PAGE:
Asymmetrical. Unique. Unexpected.

Our response to the "C" logo considers your values more deeply. Also, while it indeed is a "C," the design presents the "C" in a way that makes the logo much less about the letter itself than the former iteration. So we have the benefit of a memorable letter association, without being too overt with the letter itself.


"Beauty in asymmetry" is not merely an aesthetic preference. Asymmetry calls to mind the raw, unexpected quality of creation. God's people do not fit into a perfect mold, and this reality is not something to be covered up.


In this simple, yet striking shape, we have a combination of straightforward geometry and dynamic engagement. It indeed is a "C," and a simple one at that, but the "cross" portion brings in just a touch of complexity, as it leads the mind to see an implied cross, by only really showing the side edges of that cross. Thus we have a memorable "aha" moment.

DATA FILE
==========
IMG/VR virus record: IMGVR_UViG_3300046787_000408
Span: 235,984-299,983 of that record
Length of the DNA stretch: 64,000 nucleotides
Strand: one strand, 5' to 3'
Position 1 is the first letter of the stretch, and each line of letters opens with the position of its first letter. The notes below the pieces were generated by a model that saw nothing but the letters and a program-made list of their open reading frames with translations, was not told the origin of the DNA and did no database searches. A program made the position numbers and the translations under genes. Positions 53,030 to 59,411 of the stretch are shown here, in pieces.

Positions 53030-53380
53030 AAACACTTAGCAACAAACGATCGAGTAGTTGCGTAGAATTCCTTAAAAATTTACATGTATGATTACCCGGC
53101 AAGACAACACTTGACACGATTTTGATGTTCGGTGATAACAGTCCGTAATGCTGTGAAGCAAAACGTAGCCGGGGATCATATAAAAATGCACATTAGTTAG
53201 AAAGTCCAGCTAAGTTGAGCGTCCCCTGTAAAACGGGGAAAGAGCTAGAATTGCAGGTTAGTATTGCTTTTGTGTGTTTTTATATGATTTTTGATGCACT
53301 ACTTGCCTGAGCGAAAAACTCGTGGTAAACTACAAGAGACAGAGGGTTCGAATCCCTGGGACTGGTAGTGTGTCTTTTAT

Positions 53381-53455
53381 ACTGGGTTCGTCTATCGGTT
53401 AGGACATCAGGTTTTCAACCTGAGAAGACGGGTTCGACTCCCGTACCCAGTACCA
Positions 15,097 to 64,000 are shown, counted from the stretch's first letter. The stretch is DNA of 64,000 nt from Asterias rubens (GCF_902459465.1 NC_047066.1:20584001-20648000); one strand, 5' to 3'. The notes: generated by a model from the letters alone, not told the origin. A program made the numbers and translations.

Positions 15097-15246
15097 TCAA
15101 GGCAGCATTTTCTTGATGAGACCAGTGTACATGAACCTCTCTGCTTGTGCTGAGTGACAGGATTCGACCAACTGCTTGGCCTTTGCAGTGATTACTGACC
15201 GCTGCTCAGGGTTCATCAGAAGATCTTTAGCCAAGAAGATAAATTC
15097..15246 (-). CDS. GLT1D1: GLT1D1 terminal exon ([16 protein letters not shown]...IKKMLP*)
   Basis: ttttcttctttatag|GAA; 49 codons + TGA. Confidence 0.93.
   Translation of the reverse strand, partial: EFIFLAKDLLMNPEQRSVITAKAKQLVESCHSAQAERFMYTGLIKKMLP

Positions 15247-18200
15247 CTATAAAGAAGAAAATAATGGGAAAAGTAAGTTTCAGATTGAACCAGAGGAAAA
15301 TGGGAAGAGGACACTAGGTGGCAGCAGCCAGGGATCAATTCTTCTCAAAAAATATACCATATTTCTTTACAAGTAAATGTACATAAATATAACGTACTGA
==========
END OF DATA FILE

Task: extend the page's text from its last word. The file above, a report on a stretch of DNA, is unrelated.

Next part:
We're finding that this logo, when presented vertically, as in the mug above and the coaster below, works best with a containment device.

We don't expect logos to extend so far beyond their center. We don't expect logos to reach to the top and bottom edges of their container (as shown above). We don't expect such a strong assault against "normal."

When the logo symbol enters into a container, it can be slightly modified, so that the upward and downward extensions can reach the edges of the container, as shown in this "Body Life" design.
The size relationship between the symbol and the word mark in the logo can be modified, depending on the context. In the case of a T-shirt, for example, when the symbol can be blown up to a large size, the word mark can be downplayed to give way.

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